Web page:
Genomic microarrays are rapidly becoming ubiquitous throughout a wide variety of biological disciplines. As their use has grown during the past few years, many important discoveries have been made in the fields of central nervous system (CNS) injury and disease using this emerging technology. In addition, single-cell mRNA amplification techniques are now being used along with microarrays to overcome many of the difficulties associated with the cellular heterogeneity of the brain. This development has extended the utility of gene expression profiling and has provided researchers with exciting new insights into the neuropathology of CNS injury and disease at a molecular and cellular level. New methodological, standardization, and statistical techniques are currently being developed to improve the reproducibility of microarrays and facilitate the analysis of large amounts of data. In this review, we will discuss the application of these techniques to experimental, clinically relevant models of traumatic brain injury.


Optimization of real time RT-PCR methods for the analysis of gene expression in
mouse eggs and preimplantation embryos.
Jeong YJ, Choi HW, Shin HS, Cui XS, Kim NH, Gerton GL, Jun JH.
Mol Reprod Dev. 2005 Jul;71(3):284-9.
Laboratory of Reproductive Biology and Infertility, Samsung Cheil Hospital and
Women's Healthcare Center, Sungkyunkwan University School of Medicine, Seoul, Korea.

This study was carried out to optimize conditions for using real time RT-PCR as an efficient and precise quantitative method for estimating the transcript levels of genes expressed in samples containing miniscule amounts of RNA, such as single mammalian oocytes and embryos. First, using mouse eggs and blastocysts, we tested three kinds of RNA isolation or collection methods: TRIZOL reagent, oligo-dT conjugated beads, or three freeze/thaw cycles with the reverse transcription buffer. There were no significant differences among three groups in mRNA quantity as assayed by real time RT-PCR analysis. Second, we compared the efficacy of real time analysis between TaqMan fluorescent probes and the SYBR-green dye system. The two systems presented similar real time RT-PCR profiles for the 16s ribosomal protein gene from oocytes to blastocysts. Third, RNA from mouse embryos at defined stages of preimplantation development were isolated and the levels of transcripts encoded by several housekeeping genes (GAPDH, beta-actin, ribosomal protein L7, 16s ribosomal protein, histone H2A.Z) were quantitatively analyzed by real time RT-PCR. The histone H2A.Z and 16s ribosomal protein slightly increased from the egg to blastocyst stages by approximately 10- and 30-fold, respectively. However, other transcripts increased more than 300-fold as a function of developmental stage from eggs to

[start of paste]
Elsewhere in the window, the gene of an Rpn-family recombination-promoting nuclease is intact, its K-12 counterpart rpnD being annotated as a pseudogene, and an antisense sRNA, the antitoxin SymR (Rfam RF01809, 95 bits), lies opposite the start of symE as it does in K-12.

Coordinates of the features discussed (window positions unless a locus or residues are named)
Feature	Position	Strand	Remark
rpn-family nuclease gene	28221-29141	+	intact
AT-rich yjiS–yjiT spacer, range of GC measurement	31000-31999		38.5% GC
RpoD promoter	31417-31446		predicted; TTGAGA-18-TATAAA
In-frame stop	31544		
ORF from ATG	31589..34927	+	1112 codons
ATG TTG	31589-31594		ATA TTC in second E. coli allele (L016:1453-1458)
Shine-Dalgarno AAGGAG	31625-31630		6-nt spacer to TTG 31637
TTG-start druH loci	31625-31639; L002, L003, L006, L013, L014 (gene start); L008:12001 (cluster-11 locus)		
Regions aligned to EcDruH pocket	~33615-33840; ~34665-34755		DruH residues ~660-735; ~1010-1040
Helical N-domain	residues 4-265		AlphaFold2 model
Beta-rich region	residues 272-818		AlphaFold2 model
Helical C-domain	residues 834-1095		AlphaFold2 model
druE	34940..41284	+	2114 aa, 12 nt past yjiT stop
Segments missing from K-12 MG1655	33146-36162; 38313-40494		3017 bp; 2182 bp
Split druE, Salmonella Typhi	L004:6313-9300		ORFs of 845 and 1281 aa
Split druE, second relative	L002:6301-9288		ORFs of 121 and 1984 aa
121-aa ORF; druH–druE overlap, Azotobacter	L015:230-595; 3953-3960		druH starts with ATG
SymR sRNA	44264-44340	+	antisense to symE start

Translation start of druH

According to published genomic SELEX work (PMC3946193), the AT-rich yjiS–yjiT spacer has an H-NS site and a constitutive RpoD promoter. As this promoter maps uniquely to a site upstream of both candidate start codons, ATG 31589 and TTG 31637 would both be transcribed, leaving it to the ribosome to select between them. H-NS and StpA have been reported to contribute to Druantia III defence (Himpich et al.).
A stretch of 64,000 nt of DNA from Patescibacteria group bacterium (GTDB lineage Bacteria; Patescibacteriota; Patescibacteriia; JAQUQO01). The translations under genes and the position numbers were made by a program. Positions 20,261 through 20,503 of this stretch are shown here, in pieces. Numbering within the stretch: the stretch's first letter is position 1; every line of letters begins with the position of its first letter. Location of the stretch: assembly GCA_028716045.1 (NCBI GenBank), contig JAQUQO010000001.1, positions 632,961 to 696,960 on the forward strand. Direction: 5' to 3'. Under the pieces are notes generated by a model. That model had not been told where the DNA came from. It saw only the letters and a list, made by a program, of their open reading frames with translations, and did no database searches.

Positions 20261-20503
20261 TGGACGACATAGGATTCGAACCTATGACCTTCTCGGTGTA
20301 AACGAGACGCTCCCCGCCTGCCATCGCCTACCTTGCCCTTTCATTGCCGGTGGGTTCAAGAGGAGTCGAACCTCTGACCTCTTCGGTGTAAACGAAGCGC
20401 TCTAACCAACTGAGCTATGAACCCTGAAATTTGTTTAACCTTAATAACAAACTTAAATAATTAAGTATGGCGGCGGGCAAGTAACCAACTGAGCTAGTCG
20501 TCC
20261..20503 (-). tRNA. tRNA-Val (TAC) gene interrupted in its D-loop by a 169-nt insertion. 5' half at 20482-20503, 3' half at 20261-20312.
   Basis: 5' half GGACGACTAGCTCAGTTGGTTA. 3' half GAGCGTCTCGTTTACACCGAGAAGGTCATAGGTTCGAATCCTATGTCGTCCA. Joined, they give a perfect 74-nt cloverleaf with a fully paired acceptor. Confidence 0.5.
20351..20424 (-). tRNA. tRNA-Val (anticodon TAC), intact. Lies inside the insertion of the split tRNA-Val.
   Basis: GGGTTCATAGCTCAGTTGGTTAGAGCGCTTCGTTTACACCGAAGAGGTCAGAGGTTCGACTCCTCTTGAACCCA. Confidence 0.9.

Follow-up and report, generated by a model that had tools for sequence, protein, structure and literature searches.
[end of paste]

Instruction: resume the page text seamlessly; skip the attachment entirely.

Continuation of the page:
blastocysts. Our results suggest that the simple freezing/thawing method for RNA collection, the economic SYBR-green dye system, and histone H2A.Z gene as an internal control should be useful for the real time RT-PCR analysis of single mouse eggs and preimplantation embryos.

Monitoring dynamics of single-cell gene expression over multiple cell cycles

Scott Cookson1, Natalie Ostroff1, Wyming Lee Pang1, Dmitri Volfson1,2 and Jeff Hasty1,*
1 Department of Bioengineering, University of California at San Diego, La Jolla, CA, USA and 2 Institute for Nonlinear Science, University of California at San Diego, La Jolla, CA, USA
* Corresponding author. Department of Bioengineering, University of California at San Diego, La Jolla, USA.
Molecular Systems Biology (2005) doi:10.1038/msb4100032

Recent progress in reconstructing gene regulatory networks has established a framework for a quantitative description of the dynamics of many important cellular processes. Such a description will require novel experimental techniques that enable the generation of time-series data for the governing regulatory proteins in a large number of individual living cells. Here, we utilize microfabrication to construct a Tesla microchemostat that permits single-cell fluorescence imaging of gene expression over many cellular generations. The device is used to capture and constrain asymmetrically dividing or motile cells within a trapping region and to deliver nutrients and regulate the cellular population within this region. We illustrate the operation of the microchemostat with Saccharomyces cerevisiae and explore the evolution of single-cell gene expression and cycle time as a function of generation. Our findings highlight the importance of novel assays for quantifying the dynamics of gene expression and cellular growth, and establish a methodology for exploring the effects of gene expression on long-term processes such as cellular aging.